Opening Doorz celebrates four, extra-ordinary women! Roshni D’Souza, Rashi Parasrampuria, Jiya Chawla and Shatakshi Kiran. Women who make a difference.
By Our Correspondent | Opening Doorz Editorial | March 08, 2021
International Women’s Day Special
Roshni D’Souza: I’m glad I married a clown!
Roshni D’Souza, a Chartered Accountant by profession, decided to laugh all the way into her marriage when she married Martin D’Souza, an International Clown.
On International Women’s Day, Roshni throws light (pun intended) on the man who also messes up her kitchen when he is not juggling the many hats he wears. She talks about her life, her dreams and her business with her ‘Clown’.
Martin, her husband, was already juggling a couple of hats before they got married. He was an established wedding compere, Editor and publisher of the only Catholic Wedding Directory in Mumbai, Silver Pages, and was also running an advertising and branding agency, ‘Pierce Communications’. Apart from this, he was managing one of Mumbai’s leading kids entertainment and party planning company, ‘Mad Hatters’ and of course clowning around professionally.
Rashi Parasrampuria: The beauty queen who is working with HIV affected girls!
Bagging a title at a Beauty Pageant enables a winner to make a career in Bollywood. And that is what most Beauty Contest winners aspire for. Nothing wrong in that. But Rashi Parasrampuria is different. “A lot many girls would want to get into acting, but this is just me. I don’t want to venture there,” says the recently crowned Miss Teen International India.
On January 25, 2021, Rashi was crowned a winner at The Kingdom of Dreams, Gurgaon, New Delhi. Gregarious and diligent is how this 18-year-old from the suburbs of Mumbai describes herself as. She swears by hard work and dedication and loves interacting with people and learning about new cultures, which keeps her perspective of life wholesome. A girl of many passions, Rashi refuses to box herself into one single category.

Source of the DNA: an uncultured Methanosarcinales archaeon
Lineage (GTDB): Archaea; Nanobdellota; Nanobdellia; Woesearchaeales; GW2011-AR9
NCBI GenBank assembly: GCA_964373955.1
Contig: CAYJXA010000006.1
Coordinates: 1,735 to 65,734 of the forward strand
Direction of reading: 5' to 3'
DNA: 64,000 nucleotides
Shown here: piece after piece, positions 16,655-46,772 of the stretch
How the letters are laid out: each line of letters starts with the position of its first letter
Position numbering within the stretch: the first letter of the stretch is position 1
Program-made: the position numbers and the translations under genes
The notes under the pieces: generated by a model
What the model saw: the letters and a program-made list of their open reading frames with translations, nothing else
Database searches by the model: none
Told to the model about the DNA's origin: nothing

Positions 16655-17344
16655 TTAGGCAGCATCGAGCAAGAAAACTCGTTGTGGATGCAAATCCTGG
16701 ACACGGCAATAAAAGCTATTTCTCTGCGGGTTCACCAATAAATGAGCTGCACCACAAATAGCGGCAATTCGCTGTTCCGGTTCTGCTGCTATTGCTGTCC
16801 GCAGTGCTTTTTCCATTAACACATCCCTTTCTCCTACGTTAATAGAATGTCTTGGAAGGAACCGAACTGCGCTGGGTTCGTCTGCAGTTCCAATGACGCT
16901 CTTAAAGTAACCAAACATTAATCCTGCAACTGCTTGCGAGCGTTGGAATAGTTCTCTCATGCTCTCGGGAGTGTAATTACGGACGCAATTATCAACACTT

Having had the chance to grow up around parents who have inculcated the right values in her, Rashi connects deeply with those around her and empathizes with their sorrows and hardships. “The much you have, the much is expected from you’,” is her life motto.
14-year-old Jiya Chawla shows us how to fight the good fight
At first glance, Jiya Chawla from Tagore International School, New Delhi, is just an ordinary girl. Once you get to know her, however, you realize that this 14-year-old is no ordinary teen. The maturity she displays is rare. When you probe the source of her maturity, unlike anyone her age, you realize that she has Celiac disease!
So what does it mean to have Celiac disease? For the uninitiated, this Grade IX student who likes Rock Music, Chocolate and writing short stories, makes light of her trauma by show us how to live life to the fullest despite the ‘restrictions’ in diet.
On International Women’s day, Jiya talks about her life, Celiac disease and how she has found a way around gluten to enjoy delicious meals. Of course there are restrictions. Of course there are temptations. But that is what has matured her beyond her age.
Shatakshi Kiran: My father disowned me, my mother embraced me
I was two years old when my parents separated. Her only fault: I was born a girl! My dad wanted a boy. My mother had to face the abominable difficulties of life, having to raise a ‘girl child’ in a mostly conservative society and also to work for a living. She decided to complete her B.Ed degree so that she would be able to help everyone by giving them the gift of knowledge. She became a teacher. My maternal grandmother has always been there to support her and took care of me while she was working. They are my pillars of support, the two most important women in my life. It is because of their love, care and affection that I never felt the absence of my father.
Despite all adversities at the hands of our conservative community, my mother did not debilitate but supported and inspired me to chase my dreams. She is an independent woman who raised me single-handedly and taught me the significance of learning and education. She taught me that the biggest wealth and weapon is knowledge itself and it can never be taken away from us. It was because of her education that she has her individual identity and was able to give me the best life that I could ever ask for.